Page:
No More Free Lunches: Should Your Business Spend on Social?

Social media have now expanded into all corners of our lives. Whether reconnecting with long lost friends or researching review of our purchases, the eyeballs available on social channels almost rival those of more familiar mass media. [caption id="attachment_1177" align="aligncenter" width="500"]couple staring at smartphones "Social" Media?[/caption] Television still rules the roost, while radio and print remain strong marketing options as well but, in some cases, social has surpassed traditional channels for both audience and engagement. Aware of this shift in focus, many businesses are quickly making the move to these alternative online channels, eager to attract and inform potential customers, answer questions about their industries, and be there when those browsing are ready to buy. 

Free Lunches at Facebook (and Twitter)

What started out as an affordable way to connect with consumers organically on exciting new media channels has become a noisy environment with a lot of competition. While the only cost a few years ago was the time an employee spent on crafting social content, the times they are a changing. In the early days of Facebook, a business page had similar reach to that of a personal profile. People like your page, you post your content, fans see updates from your business. Twitter had a similar situation, albeit with little distinction between professional or personal accounts and much more of a firehose feel to the feed. Facebook's Edgerank algorithm had some power to filter out uninteresting content, but for the most part businesses could rely on accessing their audience. This gave an early adopter advantage to businesses brave enough to jump into the social stream without knowing exactly what would work. They were able to build up significant fan and follower bases with no advertising costs and use those channels to reliably reach out customers with relevant messaging. Not everything could be a hard sell, of course. Social media marketing has always been about communication over commercials. But this more consistent connection was based on the assumption that most fans, who remember have voluntarily liked the page and effectively "opted in" to receive these updates, would at a minimum see the posts. Likes, comments and conversions were the measures of success, with reach something of a given. Around the time of Facebook's IPO, however, things started to change.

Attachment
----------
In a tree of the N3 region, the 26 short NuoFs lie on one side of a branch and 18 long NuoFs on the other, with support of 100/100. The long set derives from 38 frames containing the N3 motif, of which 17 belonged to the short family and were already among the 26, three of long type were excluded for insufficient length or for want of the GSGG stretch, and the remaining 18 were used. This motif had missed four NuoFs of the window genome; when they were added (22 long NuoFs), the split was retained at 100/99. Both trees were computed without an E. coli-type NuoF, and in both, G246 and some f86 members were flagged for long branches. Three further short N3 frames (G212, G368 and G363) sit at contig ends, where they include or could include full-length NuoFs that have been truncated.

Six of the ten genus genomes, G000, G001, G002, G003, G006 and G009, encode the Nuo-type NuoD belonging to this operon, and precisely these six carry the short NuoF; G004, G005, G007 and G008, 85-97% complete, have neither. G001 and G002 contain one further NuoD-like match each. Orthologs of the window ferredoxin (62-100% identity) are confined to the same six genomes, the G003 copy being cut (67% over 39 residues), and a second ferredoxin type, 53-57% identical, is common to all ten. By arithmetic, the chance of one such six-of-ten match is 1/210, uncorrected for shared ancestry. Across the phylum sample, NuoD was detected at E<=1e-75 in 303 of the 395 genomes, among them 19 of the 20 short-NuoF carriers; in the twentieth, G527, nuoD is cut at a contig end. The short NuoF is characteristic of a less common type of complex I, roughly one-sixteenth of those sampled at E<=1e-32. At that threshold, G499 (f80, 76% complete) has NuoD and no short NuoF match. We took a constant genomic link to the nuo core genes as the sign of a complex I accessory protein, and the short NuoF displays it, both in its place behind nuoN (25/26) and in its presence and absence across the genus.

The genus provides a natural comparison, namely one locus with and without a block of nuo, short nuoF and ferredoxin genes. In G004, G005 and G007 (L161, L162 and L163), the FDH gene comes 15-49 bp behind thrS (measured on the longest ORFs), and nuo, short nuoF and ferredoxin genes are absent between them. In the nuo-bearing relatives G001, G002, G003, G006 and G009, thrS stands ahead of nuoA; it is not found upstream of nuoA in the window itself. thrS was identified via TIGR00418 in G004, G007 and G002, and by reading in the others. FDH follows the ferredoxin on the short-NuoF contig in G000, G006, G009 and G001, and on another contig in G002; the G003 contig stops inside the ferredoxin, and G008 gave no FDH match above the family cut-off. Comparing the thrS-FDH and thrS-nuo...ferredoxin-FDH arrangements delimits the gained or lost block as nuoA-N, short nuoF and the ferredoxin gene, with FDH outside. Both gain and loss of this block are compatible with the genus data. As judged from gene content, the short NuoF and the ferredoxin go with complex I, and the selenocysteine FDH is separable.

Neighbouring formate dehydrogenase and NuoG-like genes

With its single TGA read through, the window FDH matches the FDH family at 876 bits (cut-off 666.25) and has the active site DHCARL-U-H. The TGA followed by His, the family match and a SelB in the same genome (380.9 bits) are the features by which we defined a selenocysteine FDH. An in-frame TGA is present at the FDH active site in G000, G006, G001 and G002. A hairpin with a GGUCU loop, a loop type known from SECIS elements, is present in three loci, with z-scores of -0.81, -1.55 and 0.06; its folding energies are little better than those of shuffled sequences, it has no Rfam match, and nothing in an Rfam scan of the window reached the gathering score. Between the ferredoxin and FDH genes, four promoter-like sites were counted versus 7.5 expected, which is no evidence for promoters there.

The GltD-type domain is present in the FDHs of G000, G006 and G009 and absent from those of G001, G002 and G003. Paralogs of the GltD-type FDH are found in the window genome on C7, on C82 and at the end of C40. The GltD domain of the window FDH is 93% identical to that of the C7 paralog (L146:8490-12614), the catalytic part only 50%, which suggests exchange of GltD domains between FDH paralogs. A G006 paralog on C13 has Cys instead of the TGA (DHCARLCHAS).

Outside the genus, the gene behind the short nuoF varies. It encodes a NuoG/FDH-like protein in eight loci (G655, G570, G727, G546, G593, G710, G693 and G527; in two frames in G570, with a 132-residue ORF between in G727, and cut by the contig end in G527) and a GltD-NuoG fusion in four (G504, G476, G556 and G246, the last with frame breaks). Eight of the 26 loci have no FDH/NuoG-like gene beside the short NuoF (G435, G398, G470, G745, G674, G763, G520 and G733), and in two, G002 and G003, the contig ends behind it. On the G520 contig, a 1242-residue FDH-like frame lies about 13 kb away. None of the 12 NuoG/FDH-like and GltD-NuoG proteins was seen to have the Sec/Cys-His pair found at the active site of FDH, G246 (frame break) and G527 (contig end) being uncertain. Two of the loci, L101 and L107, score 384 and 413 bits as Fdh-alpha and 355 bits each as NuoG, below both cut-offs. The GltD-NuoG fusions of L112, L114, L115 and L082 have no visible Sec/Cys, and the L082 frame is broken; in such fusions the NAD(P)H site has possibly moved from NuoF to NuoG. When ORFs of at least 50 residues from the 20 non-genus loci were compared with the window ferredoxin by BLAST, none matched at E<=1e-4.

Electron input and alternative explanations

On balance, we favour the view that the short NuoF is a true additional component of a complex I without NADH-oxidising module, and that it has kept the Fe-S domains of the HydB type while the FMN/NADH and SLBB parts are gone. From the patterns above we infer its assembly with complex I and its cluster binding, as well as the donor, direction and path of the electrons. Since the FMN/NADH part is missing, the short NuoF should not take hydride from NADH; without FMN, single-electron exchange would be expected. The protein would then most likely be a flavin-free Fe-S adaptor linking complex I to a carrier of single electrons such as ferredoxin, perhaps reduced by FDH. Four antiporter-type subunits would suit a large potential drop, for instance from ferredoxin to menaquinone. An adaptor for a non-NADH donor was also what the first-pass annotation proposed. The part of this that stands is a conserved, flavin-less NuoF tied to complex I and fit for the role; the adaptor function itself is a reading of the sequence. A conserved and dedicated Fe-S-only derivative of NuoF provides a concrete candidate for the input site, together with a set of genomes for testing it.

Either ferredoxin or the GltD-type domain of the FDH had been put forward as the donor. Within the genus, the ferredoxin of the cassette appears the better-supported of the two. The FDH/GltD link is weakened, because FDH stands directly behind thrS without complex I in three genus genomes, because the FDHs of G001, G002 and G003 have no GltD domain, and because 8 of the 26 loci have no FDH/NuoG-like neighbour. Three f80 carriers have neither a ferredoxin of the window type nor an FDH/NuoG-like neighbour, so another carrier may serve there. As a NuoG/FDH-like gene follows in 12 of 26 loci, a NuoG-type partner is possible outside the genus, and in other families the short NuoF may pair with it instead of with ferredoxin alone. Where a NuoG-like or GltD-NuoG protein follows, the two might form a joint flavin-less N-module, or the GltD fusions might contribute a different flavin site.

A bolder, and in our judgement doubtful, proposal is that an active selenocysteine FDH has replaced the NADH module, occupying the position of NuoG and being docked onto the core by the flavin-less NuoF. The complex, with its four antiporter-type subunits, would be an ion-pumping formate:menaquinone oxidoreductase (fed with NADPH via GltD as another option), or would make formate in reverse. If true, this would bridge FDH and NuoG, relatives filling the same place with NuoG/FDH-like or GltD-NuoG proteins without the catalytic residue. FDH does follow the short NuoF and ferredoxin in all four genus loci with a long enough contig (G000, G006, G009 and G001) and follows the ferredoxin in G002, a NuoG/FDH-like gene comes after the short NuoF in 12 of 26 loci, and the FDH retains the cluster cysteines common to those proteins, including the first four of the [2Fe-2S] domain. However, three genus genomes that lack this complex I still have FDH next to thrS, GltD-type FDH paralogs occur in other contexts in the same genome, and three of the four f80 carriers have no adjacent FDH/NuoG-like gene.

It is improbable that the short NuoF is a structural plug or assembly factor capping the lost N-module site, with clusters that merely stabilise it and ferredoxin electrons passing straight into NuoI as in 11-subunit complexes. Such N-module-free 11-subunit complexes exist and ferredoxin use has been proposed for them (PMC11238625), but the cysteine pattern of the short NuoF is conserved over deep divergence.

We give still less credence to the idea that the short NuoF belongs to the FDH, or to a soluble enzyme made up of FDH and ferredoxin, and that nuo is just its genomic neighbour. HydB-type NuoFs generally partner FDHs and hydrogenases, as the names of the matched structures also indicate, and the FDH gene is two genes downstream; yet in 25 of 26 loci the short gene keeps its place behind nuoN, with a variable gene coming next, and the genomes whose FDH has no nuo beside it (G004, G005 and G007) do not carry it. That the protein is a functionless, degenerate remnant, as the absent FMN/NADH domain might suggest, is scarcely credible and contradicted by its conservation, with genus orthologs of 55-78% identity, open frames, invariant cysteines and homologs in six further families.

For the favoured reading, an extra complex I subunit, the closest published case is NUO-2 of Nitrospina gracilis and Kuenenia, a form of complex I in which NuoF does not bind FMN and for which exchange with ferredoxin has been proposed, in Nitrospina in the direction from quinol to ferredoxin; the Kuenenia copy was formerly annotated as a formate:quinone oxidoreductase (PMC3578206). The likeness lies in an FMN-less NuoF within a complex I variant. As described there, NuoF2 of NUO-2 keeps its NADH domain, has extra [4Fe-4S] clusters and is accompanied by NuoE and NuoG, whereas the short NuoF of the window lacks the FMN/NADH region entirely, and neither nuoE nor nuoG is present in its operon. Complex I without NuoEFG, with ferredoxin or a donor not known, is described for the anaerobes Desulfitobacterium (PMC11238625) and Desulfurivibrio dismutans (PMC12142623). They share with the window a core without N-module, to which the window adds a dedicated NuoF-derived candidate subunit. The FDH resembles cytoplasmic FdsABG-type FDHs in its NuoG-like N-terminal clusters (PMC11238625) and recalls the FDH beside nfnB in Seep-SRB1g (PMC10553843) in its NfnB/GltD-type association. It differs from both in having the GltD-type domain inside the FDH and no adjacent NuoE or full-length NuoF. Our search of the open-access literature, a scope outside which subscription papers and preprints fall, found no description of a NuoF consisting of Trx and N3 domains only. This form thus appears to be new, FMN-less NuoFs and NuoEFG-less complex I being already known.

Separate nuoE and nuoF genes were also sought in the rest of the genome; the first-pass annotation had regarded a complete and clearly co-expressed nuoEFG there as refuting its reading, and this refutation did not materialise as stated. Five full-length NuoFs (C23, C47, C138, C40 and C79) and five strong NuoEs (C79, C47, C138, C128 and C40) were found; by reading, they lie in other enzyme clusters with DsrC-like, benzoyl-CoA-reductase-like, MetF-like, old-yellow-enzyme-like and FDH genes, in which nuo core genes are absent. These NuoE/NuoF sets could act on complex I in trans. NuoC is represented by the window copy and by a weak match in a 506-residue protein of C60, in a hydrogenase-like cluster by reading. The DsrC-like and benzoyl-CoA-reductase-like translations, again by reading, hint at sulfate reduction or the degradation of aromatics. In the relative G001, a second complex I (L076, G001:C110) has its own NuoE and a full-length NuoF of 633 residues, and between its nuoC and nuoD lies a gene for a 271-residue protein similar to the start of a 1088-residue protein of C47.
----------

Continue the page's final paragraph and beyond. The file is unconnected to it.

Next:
The Final Days of Free Reach?

For business pages at least, it appears that the party is over when it comes to free reach and (almost) unhindered access to your Facebook fans. Despite the fact that these folks have liked your page voluntarily, there’s limited space in the social network's News Feed and that Edgerank algorithm we mentioned is slowly being adjusted so that only the most engaging content surfaces. That's Facebook's public relations rationale, anyway. Behind closed doors, Mark Zuckerberg's college project is now a multi-billion dollar business that must answer to shareholders and prove its revenue growth each and every quarter. Whichever is true, and it's likely to be a little bit of both, businesses new to the network are unlikely to expand their reach without some expenditure. Pure organic growth requires either a team of the most skilled content marketers on the planet, or a brand with enough recognition in other arenas to immediately translate . If you're a small to medium size business, both of those options are probably a little out of reach. What that leaves is to play Facebook's game and pay for the privilege of reaching its users, whether they're nuattached or already fans of your page. Which begs the next question: is spending on social worth it?facebook dislike thumbs downShould You Pay for Social Reach?